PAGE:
UPDATE 15.35:

@JoChristieSmith: “Cameron come much further than expected; could be a trap but lets see how the negotiations go before dismissing the idea of them”

@SamJordison: “”No, no, no.” Better to make a deal with an adder’s fangs. He offered nothing real.”

@mrrmooseface: “No way dude! Hope Nick Clegg won’t betray us all – we need proportional representation”

@alexwilcock: “And after 13 years of Labour lying about it we’d be mad to trust them either!”

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55 Responses to “Will the Lib Dems accept Cameron’s offer?”

  1. Modicum


    “Please don’t be foolish enough to think you will actually get 22% of the vote if proportional representation is brought in. A large number of those votes are tactical votes”

    The Liberals lose at least as many votes due to tactical voting as they gain. People are intelligent enough to know that in most constituencies supporting the Lib Dems is a wasted vote.

    In any case the argument for PR is not that it gives anyone a partisan advantage. It is that it is the only system based on majority rule.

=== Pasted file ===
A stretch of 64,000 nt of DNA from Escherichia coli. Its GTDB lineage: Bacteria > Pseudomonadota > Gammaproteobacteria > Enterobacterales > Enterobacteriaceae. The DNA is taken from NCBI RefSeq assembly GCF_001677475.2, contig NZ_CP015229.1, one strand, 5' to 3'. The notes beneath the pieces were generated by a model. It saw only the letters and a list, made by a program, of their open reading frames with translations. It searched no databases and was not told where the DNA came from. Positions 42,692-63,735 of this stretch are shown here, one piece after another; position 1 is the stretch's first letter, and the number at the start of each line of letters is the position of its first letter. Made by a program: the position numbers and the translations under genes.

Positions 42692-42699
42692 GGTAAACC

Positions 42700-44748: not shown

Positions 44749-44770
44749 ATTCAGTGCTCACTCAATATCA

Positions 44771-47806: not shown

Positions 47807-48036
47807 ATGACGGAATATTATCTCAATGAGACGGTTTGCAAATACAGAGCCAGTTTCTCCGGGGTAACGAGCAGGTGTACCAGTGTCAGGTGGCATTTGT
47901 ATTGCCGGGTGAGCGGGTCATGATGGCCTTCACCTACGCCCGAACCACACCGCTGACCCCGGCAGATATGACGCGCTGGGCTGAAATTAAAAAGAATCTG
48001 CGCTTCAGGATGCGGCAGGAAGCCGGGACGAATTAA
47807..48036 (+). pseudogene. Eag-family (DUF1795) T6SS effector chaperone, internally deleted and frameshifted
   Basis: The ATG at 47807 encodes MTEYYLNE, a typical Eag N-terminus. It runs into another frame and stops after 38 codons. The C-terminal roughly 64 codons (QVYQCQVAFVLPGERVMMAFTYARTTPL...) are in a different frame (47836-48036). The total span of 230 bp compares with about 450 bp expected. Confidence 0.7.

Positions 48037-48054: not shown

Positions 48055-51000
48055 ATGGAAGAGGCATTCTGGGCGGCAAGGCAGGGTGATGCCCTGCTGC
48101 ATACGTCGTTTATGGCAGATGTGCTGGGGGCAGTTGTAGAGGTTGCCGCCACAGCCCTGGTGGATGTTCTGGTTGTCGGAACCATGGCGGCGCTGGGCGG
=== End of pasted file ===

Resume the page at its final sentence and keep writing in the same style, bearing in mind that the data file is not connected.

Regardless of what we have been reading in the rightwing press lately, 36% is not a mandate to govern.

  2. britbox


    36% was the mandate for Labour to govern in the last parliament, with a 60+ seat clear majority. I didn’t see much of an outcry from the left in that scenario.

    I disagree with your view on tactical voting – I think the LibDems benefit more from this than you suggest. I’ve never come across anyone voting Labour or Tory as an “Anyone but the Libdems” vote, but plenty of instances where the reverse is true. Still, this is all opinion based and we’d never know the actual truth unless PR was actually brought in.

  3. Kate E

    It is interesting that the two key players in these negotiations, Clegg and Cameron have had very siilar lives and both cme from the same generation. I’m surprised that there hasn’t been more discussion about the major transition between generations we are witnessing in the leadership of our country. After 13 long years of Baby Boomer Prime Ministers, and even longer with a Baby Boomer-dominated Parliament, we now have a new generation in charge: Generation Jones…the previously lost generation between the Boomers and Generation X. We are likely to now have a GenJones PM in Cameron, and Parliament has now undergone a dramatic shift from Boomer to Joneser domination. In other Western countries in recent years, a lot of media attention has accompanied this Boomer to GenJones transition. In fact, it got so much media buzz after Joneser Barack Obama came to power that The Associated Press’ annual Trend Report named The Rise of Generation Jones as the #1 trend of 2009.